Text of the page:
Note: Where available, the PDF/Word icon below is provided to view the complete and fully formatted document
 Download Full Day's HansardDownload Full Day's Hansard    View Or Save XMLView/Save XML

Previous Fragment    Next Fragment
Wednesday, 17 October 1956

Mr HAYLEN (Parkes) .- This is an appropriation bill designed to provide for the payment of war pensions, including those fixed by the new schedules contained in recent legislation. As usual, the amount provided is not large enough. Not enough money is made available, for instance, to provide what honorable members on this side of the House believe should be the absolute minimum rate of war pension. Any increases that have been granted are very limited. We believe that the totally and permanently incapacitated exserviceman has been completely neglected. As a matter of policy, we must repeat that consideration should have been given, and should certainly be given in the future, to increasing the pension for totally and permanently incapacitated ex-servicemen to the level of the basic wage, irrespective and exclusive of any payments to wives and dependants arising out of the payment of the pension to the ex-servicemen.

The Government has entirely neglected this matter. You, Mr. Speaker, know, of your own vast and kindly experience in service matters, and. other honorable members of this House know that the totally and permanently incapacitated ex-servicemen constitute a tragically diminishing group, who have suffered grievously because of the war. Their injuries have been so severe that they have been granted the totally and permanently incapacitated pension. I think they are disappearing from the Australian scene at the rate of about four or five a week, and, although I am not certain of the number, I believe that only about 1,100 of them remain. It would be an act of gratitude as well as an act of grace to increase their pension rate to the level of the basic wage. Our main criticism of this appropriation bill is that it makes no provision at all for these men. It is not a matter that would involve a great amount of expenditure, and the adoption of my suggestion would help to discharge a debt that we have not yet fully discharged. I think that we should consider this matter, even in connexion with the appropriation measure that is now before the House.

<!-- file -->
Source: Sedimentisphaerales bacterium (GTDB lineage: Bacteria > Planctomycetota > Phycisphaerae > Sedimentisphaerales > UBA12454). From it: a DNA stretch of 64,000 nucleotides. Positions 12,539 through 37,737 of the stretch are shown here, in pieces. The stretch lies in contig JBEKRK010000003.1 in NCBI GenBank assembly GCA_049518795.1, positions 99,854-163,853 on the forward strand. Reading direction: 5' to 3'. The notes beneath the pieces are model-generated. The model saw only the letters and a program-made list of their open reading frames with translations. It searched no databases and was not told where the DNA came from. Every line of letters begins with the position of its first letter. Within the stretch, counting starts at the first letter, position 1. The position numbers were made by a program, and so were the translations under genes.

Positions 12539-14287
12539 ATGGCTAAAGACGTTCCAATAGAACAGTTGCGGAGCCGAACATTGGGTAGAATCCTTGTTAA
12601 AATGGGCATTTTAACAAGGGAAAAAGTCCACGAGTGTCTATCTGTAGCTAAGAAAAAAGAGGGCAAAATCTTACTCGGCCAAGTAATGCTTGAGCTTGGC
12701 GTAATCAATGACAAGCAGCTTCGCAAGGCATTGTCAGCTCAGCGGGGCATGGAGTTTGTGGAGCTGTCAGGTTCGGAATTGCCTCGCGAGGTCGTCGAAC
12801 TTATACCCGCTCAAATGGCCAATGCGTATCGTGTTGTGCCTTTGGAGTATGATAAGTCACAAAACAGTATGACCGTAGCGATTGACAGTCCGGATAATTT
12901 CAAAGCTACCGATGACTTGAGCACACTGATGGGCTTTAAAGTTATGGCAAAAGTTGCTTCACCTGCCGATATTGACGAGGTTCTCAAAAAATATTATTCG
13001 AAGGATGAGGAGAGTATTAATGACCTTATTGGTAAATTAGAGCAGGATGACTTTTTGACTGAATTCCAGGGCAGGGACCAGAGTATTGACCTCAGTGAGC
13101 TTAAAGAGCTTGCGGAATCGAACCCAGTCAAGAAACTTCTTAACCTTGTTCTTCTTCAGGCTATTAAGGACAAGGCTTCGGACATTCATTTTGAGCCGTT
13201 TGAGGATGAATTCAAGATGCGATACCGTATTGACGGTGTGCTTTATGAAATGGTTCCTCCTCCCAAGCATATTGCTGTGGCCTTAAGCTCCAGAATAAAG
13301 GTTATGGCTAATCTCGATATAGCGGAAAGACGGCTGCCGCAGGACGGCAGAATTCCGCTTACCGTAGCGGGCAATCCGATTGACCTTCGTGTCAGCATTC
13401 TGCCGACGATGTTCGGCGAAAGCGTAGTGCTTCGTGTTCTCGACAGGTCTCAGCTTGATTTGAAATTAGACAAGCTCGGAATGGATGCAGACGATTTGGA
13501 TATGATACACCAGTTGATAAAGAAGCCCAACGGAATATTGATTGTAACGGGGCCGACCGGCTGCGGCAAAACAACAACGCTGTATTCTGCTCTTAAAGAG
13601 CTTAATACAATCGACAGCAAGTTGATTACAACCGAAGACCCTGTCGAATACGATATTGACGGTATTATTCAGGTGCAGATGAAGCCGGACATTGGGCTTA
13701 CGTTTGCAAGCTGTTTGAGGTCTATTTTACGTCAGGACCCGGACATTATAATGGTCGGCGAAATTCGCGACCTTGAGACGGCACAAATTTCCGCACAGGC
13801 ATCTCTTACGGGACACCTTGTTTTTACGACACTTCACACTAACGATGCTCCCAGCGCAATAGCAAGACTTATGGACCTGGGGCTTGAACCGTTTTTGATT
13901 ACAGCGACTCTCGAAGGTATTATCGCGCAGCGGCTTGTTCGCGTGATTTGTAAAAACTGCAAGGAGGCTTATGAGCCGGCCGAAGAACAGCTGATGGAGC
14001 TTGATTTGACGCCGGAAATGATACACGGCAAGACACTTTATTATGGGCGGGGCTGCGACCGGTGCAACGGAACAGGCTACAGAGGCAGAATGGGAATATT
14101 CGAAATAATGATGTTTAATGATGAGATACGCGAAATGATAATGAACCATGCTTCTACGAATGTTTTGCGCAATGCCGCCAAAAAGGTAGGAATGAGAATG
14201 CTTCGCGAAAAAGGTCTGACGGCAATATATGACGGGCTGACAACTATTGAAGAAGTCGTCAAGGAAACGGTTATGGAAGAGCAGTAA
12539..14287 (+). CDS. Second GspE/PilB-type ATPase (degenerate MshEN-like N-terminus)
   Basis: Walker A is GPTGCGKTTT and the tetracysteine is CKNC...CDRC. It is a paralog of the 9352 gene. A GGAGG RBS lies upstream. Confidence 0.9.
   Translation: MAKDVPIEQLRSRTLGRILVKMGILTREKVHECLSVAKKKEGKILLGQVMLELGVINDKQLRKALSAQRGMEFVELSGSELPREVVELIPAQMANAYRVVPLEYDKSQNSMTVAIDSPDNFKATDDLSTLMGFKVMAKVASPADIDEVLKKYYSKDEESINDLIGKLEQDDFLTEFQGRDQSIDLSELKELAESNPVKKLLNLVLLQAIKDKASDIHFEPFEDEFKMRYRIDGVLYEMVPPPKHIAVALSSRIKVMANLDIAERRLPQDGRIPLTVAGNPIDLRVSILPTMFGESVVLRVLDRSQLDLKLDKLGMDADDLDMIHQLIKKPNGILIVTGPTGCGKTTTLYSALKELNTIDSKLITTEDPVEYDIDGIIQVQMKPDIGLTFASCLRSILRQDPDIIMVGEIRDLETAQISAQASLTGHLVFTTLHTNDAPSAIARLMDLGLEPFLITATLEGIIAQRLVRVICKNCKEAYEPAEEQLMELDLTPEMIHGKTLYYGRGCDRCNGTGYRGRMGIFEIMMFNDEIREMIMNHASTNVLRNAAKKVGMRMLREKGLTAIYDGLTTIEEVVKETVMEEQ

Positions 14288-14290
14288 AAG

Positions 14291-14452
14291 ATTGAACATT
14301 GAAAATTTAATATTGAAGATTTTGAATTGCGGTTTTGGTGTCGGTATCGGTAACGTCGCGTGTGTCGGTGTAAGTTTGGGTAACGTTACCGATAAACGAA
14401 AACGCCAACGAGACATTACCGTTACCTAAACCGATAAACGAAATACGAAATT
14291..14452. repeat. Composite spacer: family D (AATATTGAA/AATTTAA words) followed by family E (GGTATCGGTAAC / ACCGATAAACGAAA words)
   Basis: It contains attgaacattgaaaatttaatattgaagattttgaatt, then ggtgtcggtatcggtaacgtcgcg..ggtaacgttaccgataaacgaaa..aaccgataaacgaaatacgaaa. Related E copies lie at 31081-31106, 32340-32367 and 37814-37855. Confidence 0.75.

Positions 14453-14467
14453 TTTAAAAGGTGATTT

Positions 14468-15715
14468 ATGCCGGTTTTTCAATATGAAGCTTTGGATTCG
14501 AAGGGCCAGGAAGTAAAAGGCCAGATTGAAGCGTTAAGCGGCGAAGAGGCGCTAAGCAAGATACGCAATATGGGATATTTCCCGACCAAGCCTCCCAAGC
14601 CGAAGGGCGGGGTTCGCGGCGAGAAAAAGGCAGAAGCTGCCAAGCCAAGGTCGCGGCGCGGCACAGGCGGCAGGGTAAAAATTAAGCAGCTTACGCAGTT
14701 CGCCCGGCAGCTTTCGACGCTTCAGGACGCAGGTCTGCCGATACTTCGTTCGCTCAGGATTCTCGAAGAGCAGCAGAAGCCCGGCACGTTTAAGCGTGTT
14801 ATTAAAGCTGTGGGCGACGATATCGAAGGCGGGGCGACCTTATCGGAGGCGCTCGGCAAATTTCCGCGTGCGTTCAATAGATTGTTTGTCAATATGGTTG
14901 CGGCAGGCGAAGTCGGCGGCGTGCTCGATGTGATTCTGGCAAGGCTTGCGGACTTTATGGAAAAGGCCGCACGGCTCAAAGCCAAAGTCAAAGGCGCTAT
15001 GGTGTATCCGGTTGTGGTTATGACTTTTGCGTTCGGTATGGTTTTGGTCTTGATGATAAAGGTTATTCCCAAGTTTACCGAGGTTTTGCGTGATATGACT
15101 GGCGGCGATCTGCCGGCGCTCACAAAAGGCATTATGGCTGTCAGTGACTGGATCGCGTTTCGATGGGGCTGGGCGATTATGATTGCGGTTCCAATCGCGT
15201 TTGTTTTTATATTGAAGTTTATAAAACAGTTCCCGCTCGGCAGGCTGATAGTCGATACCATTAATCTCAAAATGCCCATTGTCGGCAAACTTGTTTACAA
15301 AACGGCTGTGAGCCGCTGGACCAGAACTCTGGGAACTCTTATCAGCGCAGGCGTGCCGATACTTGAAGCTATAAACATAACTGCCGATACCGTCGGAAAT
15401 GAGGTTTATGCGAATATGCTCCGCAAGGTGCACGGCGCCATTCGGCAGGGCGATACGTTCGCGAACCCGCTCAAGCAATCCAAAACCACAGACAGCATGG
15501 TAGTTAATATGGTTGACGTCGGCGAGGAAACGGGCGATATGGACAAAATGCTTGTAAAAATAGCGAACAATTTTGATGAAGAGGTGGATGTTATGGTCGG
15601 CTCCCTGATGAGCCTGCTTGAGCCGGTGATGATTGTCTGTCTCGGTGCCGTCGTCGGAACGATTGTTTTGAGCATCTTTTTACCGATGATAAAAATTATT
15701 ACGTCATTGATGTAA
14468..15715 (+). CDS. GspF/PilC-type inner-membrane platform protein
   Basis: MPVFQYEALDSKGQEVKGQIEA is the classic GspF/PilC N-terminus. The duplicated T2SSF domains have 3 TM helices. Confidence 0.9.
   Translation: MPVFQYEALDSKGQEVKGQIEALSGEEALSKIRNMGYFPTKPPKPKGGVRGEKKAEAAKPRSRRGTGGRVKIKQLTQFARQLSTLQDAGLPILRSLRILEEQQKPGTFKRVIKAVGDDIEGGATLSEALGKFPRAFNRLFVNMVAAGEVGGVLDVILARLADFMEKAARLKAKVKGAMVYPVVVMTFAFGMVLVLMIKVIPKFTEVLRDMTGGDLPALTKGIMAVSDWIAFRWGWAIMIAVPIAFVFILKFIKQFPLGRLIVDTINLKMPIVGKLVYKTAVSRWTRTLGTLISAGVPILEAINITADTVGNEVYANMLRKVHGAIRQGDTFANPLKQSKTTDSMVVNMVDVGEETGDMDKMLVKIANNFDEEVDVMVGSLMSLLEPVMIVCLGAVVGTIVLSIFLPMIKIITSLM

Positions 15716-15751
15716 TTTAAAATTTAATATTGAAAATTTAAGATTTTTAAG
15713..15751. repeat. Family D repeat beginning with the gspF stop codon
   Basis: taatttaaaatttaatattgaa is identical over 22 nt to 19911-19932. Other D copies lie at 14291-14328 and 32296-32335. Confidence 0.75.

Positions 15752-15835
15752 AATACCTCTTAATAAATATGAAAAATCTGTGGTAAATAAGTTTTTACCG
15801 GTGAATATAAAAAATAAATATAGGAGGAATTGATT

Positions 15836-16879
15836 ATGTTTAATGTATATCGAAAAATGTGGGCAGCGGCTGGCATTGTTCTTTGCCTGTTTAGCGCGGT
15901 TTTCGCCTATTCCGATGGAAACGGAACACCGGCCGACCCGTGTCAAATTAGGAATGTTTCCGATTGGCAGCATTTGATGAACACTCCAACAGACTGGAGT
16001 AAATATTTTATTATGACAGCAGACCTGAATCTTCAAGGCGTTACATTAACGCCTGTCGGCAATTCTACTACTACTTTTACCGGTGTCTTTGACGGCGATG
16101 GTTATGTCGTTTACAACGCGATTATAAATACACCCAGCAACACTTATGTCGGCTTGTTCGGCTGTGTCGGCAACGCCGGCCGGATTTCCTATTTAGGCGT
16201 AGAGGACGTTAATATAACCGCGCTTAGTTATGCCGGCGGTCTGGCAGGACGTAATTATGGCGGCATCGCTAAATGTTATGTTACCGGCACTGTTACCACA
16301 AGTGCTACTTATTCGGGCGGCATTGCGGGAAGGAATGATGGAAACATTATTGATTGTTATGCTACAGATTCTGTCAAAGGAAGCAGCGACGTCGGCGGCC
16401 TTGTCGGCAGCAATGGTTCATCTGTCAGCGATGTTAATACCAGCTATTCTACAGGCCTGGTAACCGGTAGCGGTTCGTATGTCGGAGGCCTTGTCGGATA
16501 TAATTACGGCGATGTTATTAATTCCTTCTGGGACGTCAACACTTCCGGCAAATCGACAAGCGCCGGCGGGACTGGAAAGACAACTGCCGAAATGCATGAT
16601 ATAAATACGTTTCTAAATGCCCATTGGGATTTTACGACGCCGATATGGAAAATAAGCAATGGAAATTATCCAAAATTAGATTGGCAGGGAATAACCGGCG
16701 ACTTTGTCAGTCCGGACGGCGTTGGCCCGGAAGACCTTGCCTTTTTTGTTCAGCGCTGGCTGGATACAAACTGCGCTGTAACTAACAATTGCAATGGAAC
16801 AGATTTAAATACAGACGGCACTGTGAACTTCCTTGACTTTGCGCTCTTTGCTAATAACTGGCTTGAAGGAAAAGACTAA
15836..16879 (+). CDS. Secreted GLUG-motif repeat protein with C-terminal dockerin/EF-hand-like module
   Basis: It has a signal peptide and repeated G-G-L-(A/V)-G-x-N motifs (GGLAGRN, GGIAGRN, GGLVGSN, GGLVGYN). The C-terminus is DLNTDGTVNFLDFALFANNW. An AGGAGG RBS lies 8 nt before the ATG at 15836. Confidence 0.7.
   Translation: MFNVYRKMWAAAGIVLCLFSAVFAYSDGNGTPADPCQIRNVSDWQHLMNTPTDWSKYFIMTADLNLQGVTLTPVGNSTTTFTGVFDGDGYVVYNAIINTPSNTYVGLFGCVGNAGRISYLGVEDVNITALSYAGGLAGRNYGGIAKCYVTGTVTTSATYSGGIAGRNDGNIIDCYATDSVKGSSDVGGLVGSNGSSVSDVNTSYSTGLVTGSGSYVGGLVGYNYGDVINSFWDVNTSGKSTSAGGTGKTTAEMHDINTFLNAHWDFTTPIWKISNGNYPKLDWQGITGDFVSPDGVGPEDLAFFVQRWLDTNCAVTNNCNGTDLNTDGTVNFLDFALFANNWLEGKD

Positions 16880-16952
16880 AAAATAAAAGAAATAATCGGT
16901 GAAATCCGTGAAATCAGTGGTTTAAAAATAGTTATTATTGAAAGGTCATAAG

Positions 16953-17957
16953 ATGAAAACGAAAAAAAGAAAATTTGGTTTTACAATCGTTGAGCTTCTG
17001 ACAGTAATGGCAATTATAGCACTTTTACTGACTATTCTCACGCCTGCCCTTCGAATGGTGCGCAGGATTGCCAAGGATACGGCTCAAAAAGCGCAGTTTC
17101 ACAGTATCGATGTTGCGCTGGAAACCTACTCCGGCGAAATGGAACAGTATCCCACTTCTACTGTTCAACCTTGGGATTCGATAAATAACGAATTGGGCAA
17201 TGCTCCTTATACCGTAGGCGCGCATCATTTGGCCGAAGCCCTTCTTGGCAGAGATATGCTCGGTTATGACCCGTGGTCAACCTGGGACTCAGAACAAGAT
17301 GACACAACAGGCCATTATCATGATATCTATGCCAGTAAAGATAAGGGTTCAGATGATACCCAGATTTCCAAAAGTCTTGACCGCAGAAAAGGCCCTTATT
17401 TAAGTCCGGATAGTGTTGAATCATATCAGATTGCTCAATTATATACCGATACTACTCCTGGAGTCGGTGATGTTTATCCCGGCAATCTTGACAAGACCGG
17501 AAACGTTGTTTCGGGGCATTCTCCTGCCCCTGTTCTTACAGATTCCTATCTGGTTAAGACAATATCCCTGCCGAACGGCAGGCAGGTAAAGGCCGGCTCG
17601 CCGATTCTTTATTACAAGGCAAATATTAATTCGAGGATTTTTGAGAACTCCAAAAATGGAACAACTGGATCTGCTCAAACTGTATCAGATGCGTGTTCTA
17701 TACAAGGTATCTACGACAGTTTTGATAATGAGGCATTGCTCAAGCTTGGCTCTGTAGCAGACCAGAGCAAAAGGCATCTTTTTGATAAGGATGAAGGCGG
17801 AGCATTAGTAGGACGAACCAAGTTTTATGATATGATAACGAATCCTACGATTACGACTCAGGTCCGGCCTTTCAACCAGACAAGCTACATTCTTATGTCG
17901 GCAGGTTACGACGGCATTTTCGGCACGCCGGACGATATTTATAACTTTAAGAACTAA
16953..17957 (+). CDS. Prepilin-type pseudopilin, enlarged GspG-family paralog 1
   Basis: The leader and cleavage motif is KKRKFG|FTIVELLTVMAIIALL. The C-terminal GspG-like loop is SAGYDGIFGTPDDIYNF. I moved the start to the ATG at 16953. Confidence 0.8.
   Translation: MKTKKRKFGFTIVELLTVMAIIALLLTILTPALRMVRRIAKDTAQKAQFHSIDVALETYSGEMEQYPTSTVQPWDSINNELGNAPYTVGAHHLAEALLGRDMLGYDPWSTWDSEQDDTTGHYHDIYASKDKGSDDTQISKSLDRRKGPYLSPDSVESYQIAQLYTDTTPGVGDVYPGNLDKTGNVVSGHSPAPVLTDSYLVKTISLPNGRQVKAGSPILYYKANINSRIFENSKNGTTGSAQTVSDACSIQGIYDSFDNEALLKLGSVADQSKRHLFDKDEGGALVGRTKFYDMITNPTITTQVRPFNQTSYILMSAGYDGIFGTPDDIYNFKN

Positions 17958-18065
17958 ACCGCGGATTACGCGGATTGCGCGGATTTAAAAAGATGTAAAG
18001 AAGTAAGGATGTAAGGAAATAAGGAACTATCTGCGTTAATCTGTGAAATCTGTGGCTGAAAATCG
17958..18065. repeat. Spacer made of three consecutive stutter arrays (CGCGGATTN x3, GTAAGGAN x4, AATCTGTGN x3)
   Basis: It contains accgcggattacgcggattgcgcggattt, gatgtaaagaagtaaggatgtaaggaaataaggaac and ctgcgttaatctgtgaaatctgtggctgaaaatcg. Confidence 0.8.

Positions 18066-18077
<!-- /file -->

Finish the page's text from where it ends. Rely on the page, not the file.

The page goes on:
I do not intend to take undue advantage of the indulgence shown by the Chair, Mr. Speaker. In fact, I would not dare to do so. I think, however, that I am permitted in this debate to refer to the money grant. The money provided is not sufficient to deal with this very urgent problem of totally and permanently incapacitated exservicemen. The extra amount that would be required to bring their pensions to the level of the basic wage, to provide them with some little extra comfort in the years that remain to them - and they are very few indeed - and to give their wives and dependants some assistance when they are alive and some security after their death,would be little enough to add to the appropriations that the House is being asked to agree to.

I now refer to the base-rate pensioners. The Opposition feels that they have been treated in a manner that we must oppose. It has been the policy of the Opposition for some years past to relate these pension rates to percentages of the basic wage. We base our case on the case that was made out by the returned servicemen's league, both federally and in the States, I believe, regarding these pensions. We do not entirely accept the view that the pensions paid to ex-servicemen should not have some percentage relation either to the basic wage or to the cost of living index, but we try to adopt more stable figures contained in the statistics available from the days of the Chifley Government until to-day. We see from an analysis of, or even a glance al, those figures that the percentage of the basic wage represented by the base-rate pension has decreased. From memory, i think the pension now represents a percentage of the basic wage which is 7 per cent, to 10 per cent, less than it was in the days of the Chifley Government. I stand correction on that point, however, because, as I said earlier, I am not makin ' a general speech on this matter, but am merely directing attention, within the limits of this debate, to the fact that the bas-. rate pension has decreased by comparison with the basic wage. It is valid enough to argue that if certain percentages were established in the early post-war period-

Dr DONALD CAMERON (OXLEY, QUEENSLAND) - 1 rise to order, ls it in order for the honorable member to proceed in this way? This bill has no relation to the rates of pension, but merely seeks an appropriation to cover the payment of pensions.

Suggest corrections